M.L. Jain, J.
1. The facts of this writ petition are that M/s Bikaner Clays & Chemicals, Bikaner respondent No 3 made an application on 8-1-1970 for mining lease for red ochre and fire clay in an area of 412 hectares near village Indokabala, District Bikaner. Since in the same land, one Shri A M Bengani had applied on 14-8-68 for mining lease for Fuller's earth in an area of 412 79 hectares, the Assistant Mining Fighter, Bikarer, by his letter dated 30.1.70 in formed the respondent No 3 that the area applied for by them conflicts with some sanctioned and applied for area and as such the fire area is only 342-35 hectares He enclosed a report in 5 copies for signatures of the respondent No 3 and return within 3 days Ore more letter was issued by the Assistant Mining Engineer Bilarer on 19- 11-1970 saying that as a matter of fact, the free an a was only 252 52 acres Ir reply to this letter, the respondent No 3 wrote to the Astistant Marirg Frgireer Rlaner that they had accepted and desinged the descnption repected 242 35 hectares by their letter dated as early as 2 2 1970 and they were not prepared to educe the area to 252 52 arrest, that there was flict of some earlier application ding Some minor mineral by Bengani was rot admitted by them and the ertire area was clamed free for exploration of the major minerals. Thereafter it appears, the State Government did not pass any order and making out a case of deemed refusal under Rule 54 of the Mineral Concession Rules, 1960, respondent No 3 filed a invasion on 162-1971 with the Central Government The Central Government by its order dated 24-12-1971 directed the State Government to dispose of the application of respondent No 3 dated 8 1 1970 for mining lease over 342-35 hectares The State Govt thereupon, by its order dated 15-1-1972 granted to the respondent No 3 a miring lease over an area of 252-52 hectares Later on, it was discovered that the area was to be mentored in acres and not in hectares The State Government therefore, issued a corrigendum on 11-8-1972 altering 252 52 hectare to 252.52 acres equal to 102-26 hectares.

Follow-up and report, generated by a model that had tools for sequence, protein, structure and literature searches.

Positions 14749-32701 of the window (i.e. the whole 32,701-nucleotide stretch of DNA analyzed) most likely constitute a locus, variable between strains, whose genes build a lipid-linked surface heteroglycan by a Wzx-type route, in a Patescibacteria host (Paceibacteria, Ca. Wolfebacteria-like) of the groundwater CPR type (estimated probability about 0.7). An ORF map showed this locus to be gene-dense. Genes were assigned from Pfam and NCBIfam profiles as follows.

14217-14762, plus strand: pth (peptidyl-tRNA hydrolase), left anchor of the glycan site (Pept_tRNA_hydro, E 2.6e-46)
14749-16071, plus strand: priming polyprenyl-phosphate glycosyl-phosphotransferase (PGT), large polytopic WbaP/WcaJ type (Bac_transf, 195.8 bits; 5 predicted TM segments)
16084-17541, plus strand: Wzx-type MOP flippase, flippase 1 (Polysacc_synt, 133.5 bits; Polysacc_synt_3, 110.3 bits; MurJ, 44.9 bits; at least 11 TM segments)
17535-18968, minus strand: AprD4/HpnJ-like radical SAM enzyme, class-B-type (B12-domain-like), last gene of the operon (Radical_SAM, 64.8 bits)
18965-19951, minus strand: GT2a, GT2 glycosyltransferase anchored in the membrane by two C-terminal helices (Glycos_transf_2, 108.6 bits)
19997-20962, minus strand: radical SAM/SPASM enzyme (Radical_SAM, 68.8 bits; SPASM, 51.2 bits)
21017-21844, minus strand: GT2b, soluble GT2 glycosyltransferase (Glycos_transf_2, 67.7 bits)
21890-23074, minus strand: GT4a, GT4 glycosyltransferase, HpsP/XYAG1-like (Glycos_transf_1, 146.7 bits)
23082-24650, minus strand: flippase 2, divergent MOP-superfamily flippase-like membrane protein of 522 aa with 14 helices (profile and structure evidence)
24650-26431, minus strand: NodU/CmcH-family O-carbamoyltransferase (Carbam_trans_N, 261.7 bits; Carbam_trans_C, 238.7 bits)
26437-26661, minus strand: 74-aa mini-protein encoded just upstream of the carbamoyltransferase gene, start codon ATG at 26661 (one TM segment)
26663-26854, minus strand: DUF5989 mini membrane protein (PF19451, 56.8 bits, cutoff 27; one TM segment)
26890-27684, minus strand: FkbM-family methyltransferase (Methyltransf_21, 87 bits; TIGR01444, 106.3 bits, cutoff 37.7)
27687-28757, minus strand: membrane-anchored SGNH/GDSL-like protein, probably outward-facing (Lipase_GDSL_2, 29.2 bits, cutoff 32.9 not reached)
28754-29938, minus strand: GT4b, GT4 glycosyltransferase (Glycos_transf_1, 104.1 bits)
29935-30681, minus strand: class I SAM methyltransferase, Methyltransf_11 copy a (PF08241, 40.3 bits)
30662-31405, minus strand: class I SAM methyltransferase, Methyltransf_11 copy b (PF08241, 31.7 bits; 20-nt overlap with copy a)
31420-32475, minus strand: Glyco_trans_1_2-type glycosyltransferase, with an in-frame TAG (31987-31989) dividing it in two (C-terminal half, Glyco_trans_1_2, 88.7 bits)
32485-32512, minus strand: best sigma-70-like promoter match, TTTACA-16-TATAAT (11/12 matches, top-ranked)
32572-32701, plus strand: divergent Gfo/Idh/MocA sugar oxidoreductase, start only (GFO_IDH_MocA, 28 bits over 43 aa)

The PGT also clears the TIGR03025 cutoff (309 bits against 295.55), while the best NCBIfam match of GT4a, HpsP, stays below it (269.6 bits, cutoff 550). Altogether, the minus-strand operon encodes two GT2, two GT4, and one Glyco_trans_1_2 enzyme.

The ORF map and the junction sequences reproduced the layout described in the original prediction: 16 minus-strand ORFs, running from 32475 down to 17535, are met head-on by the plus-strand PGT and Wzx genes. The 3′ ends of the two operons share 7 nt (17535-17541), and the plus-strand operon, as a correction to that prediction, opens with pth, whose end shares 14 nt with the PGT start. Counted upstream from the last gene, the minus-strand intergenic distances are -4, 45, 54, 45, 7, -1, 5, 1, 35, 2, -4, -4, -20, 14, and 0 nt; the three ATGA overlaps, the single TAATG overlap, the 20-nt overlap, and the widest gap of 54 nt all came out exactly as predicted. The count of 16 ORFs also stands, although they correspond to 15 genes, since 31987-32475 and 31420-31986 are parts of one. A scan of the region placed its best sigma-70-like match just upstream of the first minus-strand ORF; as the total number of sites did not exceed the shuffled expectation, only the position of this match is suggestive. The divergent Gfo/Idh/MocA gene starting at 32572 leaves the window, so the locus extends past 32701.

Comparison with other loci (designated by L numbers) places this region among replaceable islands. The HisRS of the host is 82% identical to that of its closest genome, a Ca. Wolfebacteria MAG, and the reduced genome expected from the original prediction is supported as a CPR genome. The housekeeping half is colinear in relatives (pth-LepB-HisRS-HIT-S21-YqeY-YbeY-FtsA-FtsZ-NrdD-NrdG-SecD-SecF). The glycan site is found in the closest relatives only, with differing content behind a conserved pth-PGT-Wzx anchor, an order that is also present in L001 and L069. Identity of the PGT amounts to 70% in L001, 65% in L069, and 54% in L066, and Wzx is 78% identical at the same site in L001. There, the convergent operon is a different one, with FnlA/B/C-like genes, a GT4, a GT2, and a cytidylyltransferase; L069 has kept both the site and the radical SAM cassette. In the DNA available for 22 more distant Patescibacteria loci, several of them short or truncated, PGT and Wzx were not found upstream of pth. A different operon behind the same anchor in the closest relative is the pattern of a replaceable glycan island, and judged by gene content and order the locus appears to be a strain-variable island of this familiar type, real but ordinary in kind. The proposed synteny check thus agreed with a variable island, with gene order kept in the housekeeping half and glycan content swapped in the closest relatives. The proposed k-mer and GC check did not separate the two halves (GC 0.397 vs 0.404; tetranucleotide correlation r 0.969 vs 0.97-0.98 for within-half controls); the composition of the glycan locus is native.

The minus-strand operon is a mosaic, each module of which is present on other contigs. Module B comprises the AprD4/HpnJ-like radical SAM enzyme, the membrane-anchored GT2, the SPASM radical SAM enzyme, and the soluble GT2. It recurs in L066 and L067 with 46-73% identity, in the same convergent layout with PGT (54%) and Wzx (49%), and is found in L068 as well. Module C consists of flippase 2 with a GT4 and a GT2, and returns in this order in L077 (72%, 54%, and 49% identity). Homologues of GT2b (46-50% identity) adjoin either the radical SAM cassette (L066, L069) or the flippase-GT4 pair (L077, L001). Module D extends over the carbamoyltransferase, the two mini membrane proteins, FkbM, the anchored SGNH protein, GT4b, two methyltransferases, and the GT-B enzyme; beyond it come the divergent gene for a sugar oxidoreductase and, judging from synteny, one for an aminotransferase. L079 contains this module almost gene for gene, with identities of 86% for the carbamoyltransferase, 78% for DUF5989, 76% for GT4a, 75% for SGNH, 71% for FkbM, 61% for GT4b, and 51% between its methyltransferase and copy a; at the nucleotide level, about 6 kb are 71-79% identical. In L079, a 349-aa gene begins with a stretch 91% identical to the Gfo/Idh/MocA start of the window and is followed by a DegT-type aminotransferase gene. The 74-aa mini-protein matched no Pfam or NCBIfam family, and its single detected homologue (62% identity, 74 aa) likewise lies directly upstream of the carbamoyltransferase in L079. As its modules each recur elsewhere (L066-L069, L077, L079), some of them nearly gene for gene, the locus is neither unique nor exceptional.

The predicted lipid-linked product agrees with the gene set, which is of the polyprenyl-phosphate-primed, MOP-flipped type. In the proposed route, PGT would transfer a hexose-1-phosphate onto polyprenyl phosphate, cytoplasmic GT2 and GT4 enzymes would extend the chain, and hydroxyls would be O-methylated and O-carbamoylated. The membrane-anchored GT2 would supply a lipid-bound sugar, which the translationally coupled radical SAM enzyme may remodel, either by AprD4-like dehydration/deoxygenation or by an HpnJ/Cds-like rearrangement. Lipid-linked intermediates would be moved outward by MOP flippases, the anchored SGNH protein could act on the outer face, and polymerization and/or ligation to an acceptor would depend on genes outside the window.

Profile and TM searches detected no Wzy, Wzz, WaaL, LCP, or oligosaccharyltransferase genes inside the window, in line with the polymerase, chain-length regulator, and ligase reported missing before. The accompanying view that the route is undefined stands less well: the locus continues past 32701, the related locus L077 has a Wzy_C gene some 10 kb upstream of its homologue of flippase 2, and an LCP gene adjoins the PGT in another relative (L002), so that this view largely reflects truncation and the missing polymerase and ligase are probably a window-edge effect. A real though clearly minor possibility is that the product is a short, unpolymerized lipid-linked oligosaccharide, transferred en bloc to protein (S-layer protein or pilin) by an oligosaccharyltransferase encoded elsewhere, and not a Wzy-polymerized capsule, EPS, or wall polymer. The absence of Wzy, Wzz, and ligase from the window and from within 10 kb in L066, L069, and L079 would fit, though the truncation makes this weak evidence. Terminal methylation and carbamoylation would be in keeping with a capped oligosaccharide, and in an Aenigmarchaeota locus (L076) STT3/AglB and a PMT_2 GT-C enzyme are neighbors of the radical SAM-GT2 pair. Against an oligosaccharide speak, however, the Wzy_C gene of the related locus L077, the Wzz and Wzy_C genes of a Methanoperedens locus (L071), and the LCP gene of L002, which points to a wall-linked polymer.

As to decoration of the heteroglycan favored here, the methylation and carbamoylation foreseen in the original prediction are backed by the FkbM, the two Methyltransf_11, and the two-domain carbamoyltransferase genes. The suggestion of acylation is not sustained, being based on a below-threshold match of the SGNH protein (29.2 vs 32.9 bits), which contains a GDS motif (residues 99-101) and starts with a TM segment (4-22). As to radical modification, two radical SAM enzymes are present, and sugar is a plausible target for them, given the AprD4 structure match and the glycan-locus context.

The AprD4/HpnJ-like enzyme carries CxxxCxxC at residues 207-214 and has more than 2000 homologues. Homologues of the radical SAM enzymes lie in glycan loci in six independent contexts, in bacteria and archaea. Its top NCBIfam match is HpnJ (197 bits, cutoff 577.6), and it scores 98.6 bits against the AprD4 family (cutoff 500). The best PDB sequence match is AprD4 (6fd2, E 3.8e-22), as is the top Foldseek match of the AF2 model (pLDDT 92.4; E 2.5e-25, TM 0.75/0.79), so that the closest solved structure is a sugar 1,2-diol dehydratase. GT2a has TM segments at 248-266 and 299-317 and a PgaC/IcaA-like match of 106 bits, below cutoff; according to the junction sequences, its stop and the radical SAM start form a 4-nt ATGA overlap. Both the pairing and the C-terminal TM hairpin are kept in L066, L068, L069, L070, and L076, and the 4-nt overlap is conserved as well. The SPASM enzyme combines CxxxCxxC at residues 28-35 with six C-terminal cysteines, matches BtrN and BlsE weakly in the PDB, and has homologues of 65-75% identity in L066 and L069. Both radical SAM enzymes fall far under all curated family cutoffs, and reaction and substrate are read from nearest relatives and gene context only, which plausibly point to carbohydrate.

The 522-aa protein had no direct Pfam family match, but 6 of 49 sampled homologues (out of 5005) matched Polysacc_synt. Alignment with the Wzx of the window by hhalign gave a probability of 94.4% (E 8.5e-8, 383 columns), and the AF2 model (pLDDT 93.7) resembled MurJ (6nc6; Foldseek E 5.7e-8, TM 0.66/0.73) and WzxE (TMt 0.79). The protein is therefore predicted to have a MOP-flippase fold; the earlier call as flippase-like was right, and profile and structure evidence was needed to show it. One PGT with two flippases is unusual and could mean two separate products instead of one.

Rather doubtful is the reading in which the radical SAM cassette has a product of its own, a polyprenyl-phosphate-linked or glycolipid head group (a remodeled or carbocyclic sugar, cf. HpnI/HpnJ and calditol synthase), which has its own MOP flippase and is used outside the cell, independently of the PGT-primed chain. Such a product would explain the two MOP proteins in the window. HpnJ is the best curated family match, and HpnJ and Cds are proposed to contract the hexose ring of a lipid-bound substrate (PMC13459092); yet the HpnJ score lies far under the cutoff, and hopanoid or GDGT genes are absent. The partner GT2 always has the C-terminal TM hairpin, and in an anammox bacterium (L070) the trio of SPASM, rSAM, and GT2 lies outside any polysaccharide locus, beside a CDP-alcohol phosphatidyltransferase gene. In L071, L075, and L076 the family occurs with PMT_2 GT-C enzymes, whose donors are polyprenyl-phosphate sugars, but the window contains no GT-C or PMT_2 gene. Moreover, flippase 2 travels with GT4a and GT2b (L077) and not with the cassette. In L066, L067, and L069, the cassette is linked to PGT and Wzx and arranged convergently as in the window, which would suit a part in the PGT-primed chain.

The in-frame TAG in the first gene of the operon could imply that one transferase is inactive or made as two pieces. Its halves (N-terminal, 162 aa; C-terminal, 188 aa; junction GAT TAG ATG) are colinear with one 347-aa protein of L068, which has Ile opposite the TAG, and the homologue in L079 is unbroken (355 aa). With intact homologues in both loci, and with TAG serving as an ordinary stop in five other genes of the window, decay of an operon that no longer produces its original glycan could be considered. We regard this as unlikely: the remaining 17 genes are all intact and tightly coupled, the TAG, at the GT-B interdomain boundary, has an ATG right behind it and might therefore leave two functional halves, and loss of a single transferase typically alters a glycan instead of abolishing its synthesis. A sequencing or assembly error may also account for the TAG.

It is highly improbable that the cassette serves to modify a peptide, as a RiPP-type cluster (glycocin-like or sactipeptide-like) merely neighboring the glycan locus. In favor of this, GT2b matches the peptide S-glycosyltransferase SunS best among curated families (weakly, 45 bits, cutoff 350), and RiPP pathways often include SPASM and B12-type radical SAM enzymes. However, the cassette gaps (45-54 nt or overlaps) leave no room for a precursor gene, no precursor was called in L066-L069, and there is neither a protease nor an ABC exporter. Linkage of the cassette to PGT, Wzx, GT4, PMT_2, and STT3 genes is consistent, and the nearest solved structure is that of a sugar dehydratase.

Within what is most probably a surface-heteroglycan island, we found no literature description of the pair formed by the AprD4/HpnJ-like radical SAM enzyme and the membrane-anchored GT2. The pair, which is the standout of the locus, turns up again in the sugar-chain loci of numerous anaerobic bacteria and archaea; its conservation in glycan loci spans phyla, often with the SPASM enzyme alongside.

2. The lease deed was also executed and signed by the respondent No. 3 but it remained to be signed on behalf of the State Government.
3. Meanwhile, the respondent No.3 felt aggrieved by the reduction of the area and filed another revision petition before the Central Government on 31-1 1972. Upon it, the State Government sent their comments on 6-7-1972. In these comments, the State Government maintained that only an area of 252-52 hectares (later alterd to acres) was available as Bengani had already applied for lease for Fuller's earth as early as 14-8-1968 and had a preferential claim over the respondents. Earlier in a report dated 12-4-1972 sent by the Joint Director which also appears to have been placed before the Central Government, the Joint Director which also appears to have been placed before the Central Govt. The Joint Director stated that most of the major minerals fund in the area applied for are ochre and clays and in that case the choice falls for Fuller's earth which is a costly mineral paying higher dead rent and royalty to the State Government.
4. The State Government on 6-3-1973 granted lease for minor mineral over an area of 311.9 hectares to Bengani. But since Bengani failed to execute the deed of lease, the grant in his favour was revoked on 5-6-1973 and the area sanctioned in his favour was declared free for fresh grant, while the revision of the respondent No. 3 was still pending decision before the Central Government.